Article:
The Political Economy of Conflict in Syria: After 2018 with Rabie Nasser (20 September)


George Mason University Schar School of Policy and Government Presents



Moderated by Bassam Haddad

Tuesday, September 20th
6:00 p.m. EST
Jug Room, Room 242
George Mason University

***** Open to the public *****

Pizza is served!

Co-sponsored by Schar School, Arab Studies Institute, Middle East and Islamic Studies Program

The Syrian economy has experienced a sharp deterioration in the last two years, which is reflected in an 18% drop in GDP in 2021, a trade deficit of over 60% of production, a sharp deterioration in exchange rates, an inflation rate of 80% and a Increase in foreign and domestic debt and dependence on aid. In addition, unemployment has reached 48%. As a result of the economic deterioration, overall poverty rates reached 92% and extreme poverty 53%, while the crisis of forcibly displaced people with no prospect of return continued.

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In addition, the economy has been impacted by the COVID-19 pandemic, the Lebanon crisis, drought and sanctions as external factors. However, the main factors contributing to the deterioration were the failure of economic governance, the dominance of conflict economies – with their attendant warlords and elites – the decline of human and capital, and the destruction of physical capital. In addition, we observe a clear fragmentation between the regions as well as an increased social polarization in a broader sense. Finally, due to the dominance of conflict-centric politics and dependence on external powers, the decline in military operations did not contribute to the economic recovery.

To address these diverse issues, Rabie Nasser introduces a framework that includes an integrated development node strategy based on a broader role for society in the economic process, as there is no political solution. This is done by expanding the experience of local communities, initiatives, civil institutions and humanitarian organizations and investing in sustainable and participatory economic activities in solidarity.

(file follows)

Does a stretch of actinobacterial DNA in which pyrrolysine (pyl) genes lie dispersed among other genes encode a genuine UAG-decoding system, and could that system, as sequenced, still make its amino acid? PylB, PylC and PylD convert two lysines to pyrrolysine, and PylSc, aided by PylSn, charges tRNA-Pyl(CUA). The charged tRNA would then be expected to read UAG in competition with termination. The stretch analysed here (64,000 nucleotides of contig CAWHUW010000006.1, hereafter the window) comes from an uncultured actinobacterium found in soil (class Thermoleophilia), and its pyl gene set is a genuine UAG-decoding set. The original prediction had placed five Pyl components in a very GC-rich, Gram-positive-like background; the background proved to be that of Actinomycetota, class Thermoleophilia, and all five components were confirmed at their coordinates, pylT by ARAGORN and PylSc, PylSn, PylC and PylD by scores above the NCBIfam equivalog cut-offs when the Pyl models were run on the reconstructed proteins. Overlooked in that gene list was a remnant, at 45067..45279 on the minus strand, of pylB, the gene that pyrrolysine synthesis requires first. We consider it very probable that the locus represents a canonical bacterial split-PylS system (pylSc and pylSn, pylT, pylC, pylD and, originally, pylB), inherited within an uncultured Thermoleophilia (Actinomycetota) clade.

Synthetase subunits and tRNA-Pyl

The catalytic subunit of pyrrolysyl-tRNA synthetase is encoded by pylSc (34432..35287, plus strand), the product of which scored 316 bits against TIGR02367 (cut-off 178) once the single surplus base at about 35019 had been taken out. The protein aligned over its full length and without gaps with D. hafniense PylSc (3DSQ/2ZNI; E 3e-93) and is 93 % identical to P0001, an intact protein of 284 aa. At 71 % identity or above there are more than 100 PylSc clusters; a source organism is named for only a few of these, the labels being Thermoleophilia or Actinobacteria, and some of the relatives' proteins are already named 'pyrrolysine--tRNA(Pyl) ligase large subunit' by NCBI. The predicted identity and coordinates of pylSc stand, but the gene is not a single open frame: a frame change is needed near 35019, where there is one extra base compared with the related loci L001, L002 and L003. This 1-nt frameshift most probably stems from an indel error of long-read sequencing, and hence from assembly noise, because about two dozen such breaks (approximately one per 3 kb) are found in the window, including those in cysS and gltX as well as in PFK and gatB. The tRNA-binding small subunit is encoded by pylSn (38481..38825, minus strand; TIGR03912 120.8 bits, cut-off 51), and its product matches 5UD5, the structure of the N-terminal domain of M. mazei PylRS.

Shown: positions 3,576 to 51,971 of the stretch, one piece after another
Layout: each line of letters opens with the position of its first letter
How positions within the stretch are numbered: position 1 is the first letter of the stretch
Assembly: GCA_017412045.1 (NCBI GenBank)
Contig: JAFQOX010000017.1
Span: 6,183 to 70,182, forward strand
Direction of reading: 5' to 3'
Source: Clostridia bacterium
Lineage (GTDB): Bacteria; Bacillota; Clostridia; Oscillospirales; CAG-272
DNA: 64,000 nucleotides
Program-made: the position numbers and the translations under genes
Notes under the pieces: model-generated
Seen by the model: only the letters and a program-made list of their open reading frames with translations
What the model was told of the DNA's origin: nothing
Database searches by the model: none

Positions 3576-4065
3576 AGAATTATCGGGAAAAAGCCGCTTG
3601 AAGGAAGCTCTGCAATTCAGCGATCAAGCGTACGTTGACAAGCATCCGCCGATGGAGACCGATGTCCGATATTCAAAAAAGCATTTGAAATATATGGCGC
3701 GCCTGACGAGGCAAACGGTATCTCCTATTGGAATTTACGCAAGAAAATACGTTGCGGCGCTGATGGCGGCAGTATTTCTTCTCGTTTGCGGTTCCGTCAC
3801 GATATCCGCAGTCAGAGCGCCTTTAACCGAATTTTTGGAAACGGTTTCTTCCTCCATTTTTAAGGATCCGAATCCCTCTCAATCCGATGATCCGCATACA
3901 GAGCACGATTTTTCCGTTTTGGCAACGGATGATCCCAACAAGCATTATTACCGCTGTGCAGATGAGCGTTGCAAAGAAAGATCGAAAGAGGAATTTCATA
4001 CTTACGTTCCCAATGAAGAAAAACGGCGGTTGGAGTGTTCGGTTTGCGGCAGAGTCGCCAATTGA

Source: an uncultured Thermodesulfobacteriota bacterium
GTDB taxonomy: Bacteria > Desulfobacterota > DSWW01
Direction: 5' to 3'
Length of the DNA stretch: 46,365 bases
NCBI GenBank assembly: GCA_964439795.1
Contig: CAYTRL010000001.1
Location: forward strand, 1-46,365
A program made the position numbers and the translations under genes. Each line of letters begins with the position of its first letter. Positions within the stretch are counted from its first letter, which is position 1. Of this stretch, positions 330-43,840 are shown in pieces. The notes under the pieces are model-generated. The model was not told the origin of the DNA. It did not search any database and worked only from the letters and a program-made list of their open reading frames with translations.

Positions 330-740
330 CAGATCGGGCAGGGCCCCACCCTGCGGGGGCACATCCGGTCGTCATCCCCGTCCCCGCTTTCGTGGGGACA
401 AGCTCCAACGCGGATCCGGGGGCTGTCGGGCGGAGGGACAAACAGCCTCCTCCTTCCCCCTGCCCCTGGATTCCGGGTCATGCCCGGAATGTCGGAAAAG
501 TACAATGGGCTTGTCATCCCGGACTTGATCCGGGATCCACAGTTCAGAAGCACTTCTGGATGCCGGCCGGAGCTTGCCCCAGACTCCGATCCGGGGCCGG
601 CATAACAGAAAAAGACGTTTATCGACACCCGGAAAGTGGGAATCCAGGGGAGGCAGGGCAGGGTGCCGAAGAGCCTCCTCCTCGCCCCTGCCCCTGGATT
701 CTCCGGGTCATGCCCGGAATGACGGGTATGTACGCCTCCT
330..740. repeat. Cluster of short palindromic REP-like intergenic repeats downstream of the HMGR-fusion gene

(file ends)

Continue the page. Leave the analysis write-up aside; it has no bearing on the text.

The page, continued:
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With


Rabie Nasser
is co-founder and director of the Syrian Center for Policy Research (SCPR) and researcher and lecturer at the University of Vienna. He works as a researcher in the areas of macroeconomic policy, inclusive growth, poverty and conflict dynamics. He has an MSc in Economics from Leicester University, UK. Before joining SCPR, Nasser worked for the State Planning Commission as Chief Economist and Director of the Macroeconomic Directorate. He then worked as an economic researcher at the Arab Planning Institute in Kuwait.

Bassam Haddad is director of Middle Eastern and Islamic Studies Program and Associate Professor at the Schar School of Policy and Government at George Mason University. He is the author of Corporate Networks in Syria: The Political Economy of Authoritarian Resilience (Stanford University Press, 2011) and co-editor of A critical political economy of the Middle East (Stanford University Press, 2021). Bassam is co-founder/editor of Jadaliyya Ezine and Managing Director of Institute for Arabic Studies. He serves as the founding editor of the Arabic Studies Journal and the knowledge production project. He is co-producer/director of the award-winning documentary, About Baghdadand director of the acclaimed series Arabs and Terrorism. Bassam serves on the board of directors of Arab Council for the Social Sciences and is executive producer of status Audio Magazine and Director of the Middle East Studies Pedagogy Initiative (MESPI). He received MESAs Jere L. Bacharach Service Award 2017 for his services to the profession. Bassam is currently working on his second Syria book titled Understanding the Syrian Tragedy: Regime, Opposition, Outsiders (forthcoming, Stanford University Press).

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